Not every consumer is king
So much is being made of the mobile number portability introduced in India this week and a lot is being said about the consumer, now, finally being king. Perhaps that is right. But I think the consumer has been king, after a fashion, for a very long time, already. As long as mobile phones have been in fashion, that is.
I am not very happy with my service provider but I have been unable to change my number precisely because of the reasons why the portability has now been introduced in the country. I have had my current number for more than a decade and, frankly speaking, never felt the need to change it for the reasons that many others, including politicians and criminals, do (which has nothing to do with the service provider).
I recall, when I first got my number I was very shocked to realise it was not a fresh and brand new one. The number was a used one and the person who seemed to have had it before me, I have long suspected, was on the wrong side of the law. Because from the day I became ‘mobile’ I used to get strange calls and all sorts of odd messages used to be left on my voice mail.
There used to be people “standing” at petrol pumps “with the bags as ordered” by the previous owner of the number and they kept standing until late into the night with message after desperate message on my voice mail. I had hoped the first call I got on my phone would be from my mother or my boss. But I was utterly shocked when an absolutely foul-mouthed, seemingly illiterate individual called on my phone and said, “Kaun hai bay tu ?’’
And when I said, “Who the hell are you?”, he said with the utmost rudeness and contempt, “Apni inglis (English) ka bhaav kya khati hai? Chal, apne seth ko phone de! (Don’t try to impress me with your English. Hand the phone over to your master!”
Sure that I had been mistaken for a gangster’s moll, I had still not got over the shock when the next caller was a woman, politely describing herself as the “sister” of the man who had had the number before me and asking “Who are you, Ma’am?”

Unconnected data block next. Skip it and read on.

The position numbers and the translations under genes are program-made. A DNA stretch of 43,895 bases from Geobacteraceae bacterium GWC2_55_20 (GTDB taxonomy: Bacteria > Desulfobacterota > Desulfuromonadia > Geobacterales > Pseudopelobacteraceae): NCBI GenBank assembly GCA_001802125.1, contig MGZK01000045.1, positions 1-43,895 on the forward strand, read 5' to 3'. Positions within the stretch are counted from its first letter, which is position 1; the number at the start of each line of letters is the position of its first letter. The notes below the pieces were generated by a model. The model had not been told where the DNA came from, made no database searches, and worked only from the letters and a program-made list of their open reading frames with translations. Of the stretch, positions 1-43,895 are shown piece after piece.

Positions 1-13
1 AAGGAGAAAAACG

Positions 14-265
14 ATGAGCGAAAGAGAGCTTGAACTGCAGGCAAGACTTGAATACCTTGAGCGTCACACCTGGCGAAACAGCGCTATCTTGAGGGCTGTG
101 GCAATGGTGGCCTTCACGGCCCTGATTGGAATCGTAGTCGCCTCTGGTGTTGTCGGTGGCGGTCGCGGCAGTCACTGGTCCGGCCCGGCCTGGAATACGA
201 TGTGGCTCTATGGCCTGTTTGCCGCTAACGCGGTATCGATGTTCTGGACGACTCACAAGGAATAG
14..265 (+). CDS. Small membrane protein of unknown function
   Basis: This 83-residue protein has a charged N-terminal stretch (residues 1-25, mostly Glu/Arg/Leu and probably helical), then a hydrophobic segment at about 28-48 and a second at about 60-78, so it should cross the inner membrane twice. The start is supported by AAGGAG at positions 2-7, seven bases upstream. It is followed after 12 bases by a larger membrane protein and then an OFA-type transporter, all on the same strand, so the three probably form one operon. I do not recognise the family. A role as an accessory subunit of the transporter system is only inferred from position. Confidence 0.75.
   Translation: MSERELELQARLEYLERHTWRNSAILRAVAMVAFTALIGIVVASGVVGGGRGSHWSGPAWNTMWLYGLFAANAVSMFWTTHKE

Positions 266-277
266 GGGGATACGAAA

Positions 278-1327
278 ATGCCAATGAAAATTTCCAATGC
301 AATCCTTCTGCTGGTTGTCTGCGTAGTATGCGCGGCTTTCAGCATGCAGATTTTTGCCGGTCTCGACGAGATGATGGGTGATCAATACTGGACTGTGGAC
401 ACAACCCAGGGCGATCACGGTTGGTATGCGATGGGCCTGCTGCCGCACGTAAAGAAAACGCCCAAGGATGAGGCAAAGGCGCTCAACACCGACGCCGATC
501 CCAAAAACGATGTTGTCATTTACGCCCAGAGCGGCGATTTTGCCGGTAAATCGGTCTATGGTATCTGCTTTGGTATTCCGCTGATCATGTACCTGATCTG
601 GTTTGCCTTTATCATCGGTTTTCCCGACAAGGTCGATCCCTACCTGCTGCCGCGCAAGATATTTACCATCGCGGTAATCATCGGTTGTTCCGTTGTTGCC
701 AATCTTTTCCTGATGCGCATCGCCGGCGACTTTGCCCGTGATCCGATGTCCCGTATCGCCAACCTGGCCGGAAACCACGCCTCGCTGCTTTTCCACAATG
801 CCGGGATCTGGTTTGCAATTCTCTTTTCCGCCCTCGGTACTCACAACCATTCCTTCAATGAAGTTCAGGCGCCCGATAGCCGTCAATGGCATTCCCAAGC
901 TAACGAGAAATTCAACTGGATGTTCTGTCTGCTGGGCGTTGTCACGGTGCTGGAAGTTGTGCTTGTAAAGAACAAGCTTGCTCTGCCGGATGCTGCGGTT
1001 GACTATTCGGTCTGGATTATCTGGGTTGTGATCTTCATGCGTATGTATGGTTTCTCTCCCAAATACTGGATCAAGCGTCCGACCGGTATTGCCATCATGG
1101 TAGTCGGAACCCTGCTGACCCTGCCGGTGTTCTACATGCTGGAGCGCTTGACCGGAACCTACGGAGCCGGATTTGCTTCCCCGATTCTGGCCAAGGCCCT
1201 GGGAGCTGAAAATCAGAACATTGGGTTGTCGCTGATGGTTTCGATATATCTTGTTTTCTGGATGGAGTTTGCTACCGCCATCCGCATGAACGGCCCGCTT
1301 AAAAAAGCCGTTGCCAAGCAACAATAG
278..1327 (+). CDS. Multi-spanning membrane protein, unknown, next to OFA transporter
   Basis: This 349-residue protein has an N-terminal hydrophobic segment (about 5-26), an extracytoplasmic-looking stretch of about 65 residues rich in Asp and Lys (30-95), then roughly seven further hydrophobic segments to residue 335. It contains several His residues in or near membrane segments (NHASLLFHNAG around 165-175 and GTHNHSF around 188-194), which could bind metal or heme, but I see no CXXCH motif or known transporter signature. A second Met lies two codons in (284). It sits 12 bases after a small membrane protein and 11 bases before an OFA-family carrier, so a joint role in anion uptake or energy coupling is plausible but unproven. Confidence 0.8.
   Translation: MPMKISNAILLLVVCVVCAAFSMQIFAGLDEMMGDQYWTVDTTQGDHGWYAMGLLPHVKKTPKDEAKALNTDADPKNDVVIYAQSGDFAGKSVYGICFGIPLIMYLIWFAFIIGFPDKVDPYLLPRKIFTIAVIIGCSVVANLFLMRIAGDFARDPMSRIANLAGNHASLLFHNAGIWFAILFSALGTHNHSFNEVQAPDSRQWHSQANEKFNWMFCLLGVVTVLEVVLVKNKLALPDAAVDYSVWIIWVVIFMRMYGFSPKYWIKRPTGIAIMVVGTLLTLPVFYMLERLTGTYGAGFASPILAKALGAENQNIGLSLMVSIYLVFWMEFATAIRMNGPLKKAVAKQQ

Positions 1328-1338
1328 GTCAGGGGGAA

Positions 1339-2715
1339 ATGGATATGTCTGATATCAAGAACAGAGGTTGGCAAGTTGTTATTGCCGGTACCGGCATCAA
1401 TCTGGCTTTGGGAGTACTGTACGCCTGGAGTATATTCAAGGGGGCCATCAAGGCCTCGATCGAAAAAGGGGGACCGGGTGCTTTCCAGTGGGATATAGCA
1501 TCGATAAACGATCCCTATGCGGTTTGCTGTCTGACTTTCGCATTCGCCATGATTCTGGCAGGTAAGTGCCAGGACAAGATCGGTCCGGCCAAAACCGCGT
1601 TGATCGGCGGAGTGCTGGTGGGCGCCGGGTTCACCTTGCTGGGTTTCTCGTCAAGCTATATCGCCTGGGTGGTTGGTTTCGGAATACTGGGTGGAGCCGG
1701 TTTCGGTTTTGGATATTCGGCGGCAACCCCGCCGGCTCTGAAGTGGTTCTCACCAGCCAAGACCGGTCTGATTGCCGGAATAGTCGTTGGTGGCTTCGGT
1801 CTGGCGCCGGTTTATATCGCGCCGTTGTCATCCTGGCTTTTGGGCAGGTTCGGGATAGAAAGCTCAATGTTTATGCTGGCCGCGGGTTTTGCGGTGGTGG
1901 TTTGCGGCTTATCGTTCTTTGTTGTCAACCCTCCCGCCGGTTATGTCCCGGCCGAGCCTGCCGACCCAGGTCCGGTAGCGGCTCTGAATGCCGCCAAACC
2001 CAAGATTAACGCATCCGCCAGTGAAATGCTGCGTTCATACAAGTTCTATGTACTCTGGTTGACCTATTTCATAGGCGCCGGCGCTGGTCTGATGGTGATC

“Well, if you are his sister, you should have been among the first to know that he probably has another number,” I said. “And it does not really concern you who I am. But I might add, if you guys continue to call me in this fashion, I will have to report both the caller and the man with this number before me to the cops.”
The calls then abruptly ceased.
I did not have to face this kind of trouble – bar problems from the service provider and the unsolicited telemarketing calls – for long after that. But, recently, in the middle of my grief and mourning over my mother’s passing a couple of months ago, some such calls began again. Obviously, from unlettered people again and this time they were not afraid of the cops.
Because when I passed their numbers on to a friend in the Bombay police and asked him to discreetly investigate, these goons (whose names my friend managed to secure from the service provider) just changed their numbers and continued with the calls – and messages of love and longing that had a lot of sher-o-shairi in them beeped into my mobile long past midnight.
Frankly speaking, without having invited those calls and messages, I was too embarrassed to pursue them further. My cop friend said I should now lodge an official complaint with the police and my sister insisted as well. “There has to be a procedure for these kind of nonsense calls. There must be some section that can be used against these kind of criminals. Why don’t you teach these guys a lesson?”
But, as I told my sister, if these obscene callers were not afraid of the cops and had just got round them by changing their numbers, why would they be afraid of any complaint that I lodged agaisnt them? “They’ll deny they called me, would say they inadvertently dialled the wrong number and I would end up looking highly-strung and foolish.”
My sister was not convinced. But she told me, “Then don’t answer any numbers you don’t recognise.”
Now that, precisely, is my problem. I have always believed that if someone calls you, that call is either important for you or for the caller. So you might as well not miss the call if it holds an important message for you and if it is important to the caller well, then, it is common courtesy that you answer the call and help him/her out. Because some day you might have to seek a similar favour out of the caller.
“Then change your number,” she advised.
“That I cannot. Too many people have got used to this. Besides, why should I give so much importance to those nonsense callers and change my life for them?”
My sister lost all sympathy. “Then no one can help you out!” she said rather shortly.
Yes, no one. Not even number portability can be of use under such circumstances, can it?